Strong connections – bridging the generational digital gap
Eva is 87 years old and a widow. Although very active, the global pandemic put a stop to her busy social life. Well, not quite…
Thanks to social networks and access to the internet, Eva was able to keep in touch with her family, maintaining friendships and even making some new ones. However, she found that not all her friends were available – some lived in remote areas where connectivity was not reliable, and others did not have the technical knowledge or courage to access social media platforms.
Eva also happens to be the mother of Enrique Opi, World Mobile’s Vice President of the Corporate Office. She is able to keep in touch with Enrique’s wife’s family in Finland, thanks to the automatic translation function, and often receives news from his wife’s relatives before he does. Enrique says, “She sends her love across the world in multiple messages, and she gets a lot of lovely messages back. I call her the influencer. Her need for connection made her overcome the fear of technology.”
A connected ageing population is one that can access banking, online shopping, learning, as well as maintain friendships and create new connections. One that can get health advice, pay for parking spaces and stream their favourite shows. So why do many older people lack confidence in accessing these benefits and feel left behind by technological advances?
As Eva discovered, there were a few reasons why some of her friends couldn’t communicate with her over the internet. Connectivity and availability of affordable devices can be a problem. High-speed and low-cost internet may be unattainable for older people living on a pension, as can a tablet or mobile – especially if they can’t anticipate or understand the benefits and value it will bring. And many parts of the world are still underserved by reliable connections, including rural Spain where Eva lives.
It’s no wonder some find it difficult to access the internet. Numerous passwords, setting up broadband, finding Wi-Fi hotspots – Eva had to negotiate all of this, as well as learn what is essentially a new language. Indeed, many find that getting – and staying – connected can be a job in itself, especially if the terminology we use is alien. ‘Connect to the router’, ‘double click on this’, ‘download that’ may make sense to many of us, but for someone who’s earlier life centred around black and white TV and writing cheques, it can be meaningless! A lack of digital literacy means that people don’t have confidence in using technology, fearing that they may break something or access something inappropriate. Or simply fail to understand the instructions. Eva overcame her fear of technology through her desire to be in touch with her friends across the globe. But for many, this fear can be overwhelming and a considerable barrier.
As we get older and our bodies remind us of the creeping passage of time, we may find that certain devices are more difficult to use and access. Our eyesight may make it more challenging to view writing on buttons, or stiff joints can make negotiating touch screens trickier. Apps may also be designed for the younger eye, creating a barrier to access.
But none of these barriers are insurmountable. Or, indeed, they shouldn’t be. People are living longer, and the number of older people is growing rapidly. In 2020, there were 727 million people over the age of 65 years. This is projected to double over the next 30 years (UN World Population Ageing 2020). The digital literacy of the elderly population may improve as digital natives age, but what can we do to break down the barriers now, so that Eva – and people like her – can communicate with all her friends and continue to benefit from online access?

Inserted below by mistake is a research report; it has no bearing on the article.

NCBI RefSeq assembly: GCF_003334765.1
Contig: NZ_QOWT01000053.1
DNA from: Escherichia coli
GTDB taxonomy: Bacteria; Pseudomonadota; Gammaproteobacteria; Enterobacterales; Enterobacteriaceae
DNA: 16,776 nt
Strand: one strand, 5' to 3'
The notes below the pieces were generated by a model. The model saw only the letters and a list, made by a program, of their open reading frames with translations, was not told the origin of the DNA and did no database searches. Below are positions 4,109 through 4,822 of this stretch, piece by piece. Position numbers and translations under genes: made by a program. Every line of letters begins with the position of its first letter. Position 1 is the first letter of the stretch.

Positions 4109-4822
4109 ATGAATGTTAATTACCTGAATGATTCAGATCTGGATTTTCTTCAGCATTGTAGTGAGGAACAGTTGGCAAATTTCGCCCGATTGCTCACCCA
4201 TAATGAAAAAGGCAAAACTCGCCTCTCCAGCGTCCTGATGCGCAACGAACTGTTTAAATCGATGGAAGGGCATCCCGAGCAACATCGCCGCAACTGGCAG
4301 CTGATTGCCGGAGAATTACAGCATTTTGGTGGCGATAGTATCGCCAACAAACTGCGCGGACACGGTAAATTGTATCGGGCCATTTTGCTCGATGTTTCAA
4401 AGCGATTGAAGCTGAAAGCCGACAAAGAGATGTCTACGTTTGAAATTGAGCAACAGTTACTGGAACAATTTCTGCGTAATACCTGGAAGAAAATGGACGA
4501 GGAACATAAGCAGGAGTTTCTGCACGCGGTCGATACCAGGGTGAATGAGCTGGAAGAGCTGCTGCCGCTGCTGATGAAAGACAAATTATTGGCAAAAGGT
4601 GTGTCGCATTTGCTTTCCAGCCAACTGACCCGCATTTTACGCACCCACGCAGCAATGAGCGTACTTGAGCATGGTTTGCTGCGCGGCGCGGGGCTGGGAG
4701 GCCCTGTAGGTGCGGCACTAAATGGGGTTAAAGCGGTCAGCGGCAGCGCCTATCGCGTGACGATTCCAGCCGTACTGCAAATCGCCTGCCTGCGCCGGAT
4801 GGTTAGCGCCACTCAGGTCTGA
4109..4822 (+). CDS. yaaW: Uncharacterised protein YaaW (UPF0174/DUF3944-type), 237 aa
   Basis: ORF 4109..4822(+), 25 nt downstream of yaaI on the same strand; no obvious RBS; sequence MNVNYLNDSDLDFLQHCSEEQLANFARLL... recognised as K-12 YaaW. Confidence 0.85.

Ensuring a reliable and easily accessible connection is fundamental, but it is also important that we create devices and apps that are age- and knowledge-appropriate. There are smartphones available with assistive technology, large buttons and compatibility with hearing aids. In addition, accessibility issues must be a consideration for app developers. The design of mobile interfaces, use of graphics and colour, and browser features (such as avoiding scroll bars and the omission of multiple pop-up windows) should be part of every design process. To avoid ‘dumbing down’, developers should collaborate with the end users themselves to ensure that developing technology is in line with the capabilities of the current older generation.
Accessible devices and apps are a step in the right direction, but without engagement by the end users they are fairly pointless! As Eva discovered, some of her friends were scared and cautious of this technology that felt so new to them. Digital literacy classes – for ‘silver surfers’ – and other community-based projects are available, helping people understand the language required for digital engagement. And showing the benefits to accessing this technology is also important – it’s not all about sharing pics of your breakfast, you can also chat to friends and family across continents, as well as you doctor, bank and other service providers.
Eva lives in Europe, but this is also applicable further afield. International NGO HelpAge International states that in Tanzania only 4% of older people receive a pension, so many must work into old age. By having digital access, they can get financial help and advice, learn new skills, receive health support as well as keep in touch with family members.
Digital inclusivity should be considered a human right, so that older people can access all the services that the rest of the population can. Eva and her friends – and others like her, across the world – will be able to stay connected, accessing essential services and keeping friendships alive while combatting isolation. If we don’t do something to address this divide, the digital gap will just get bigger.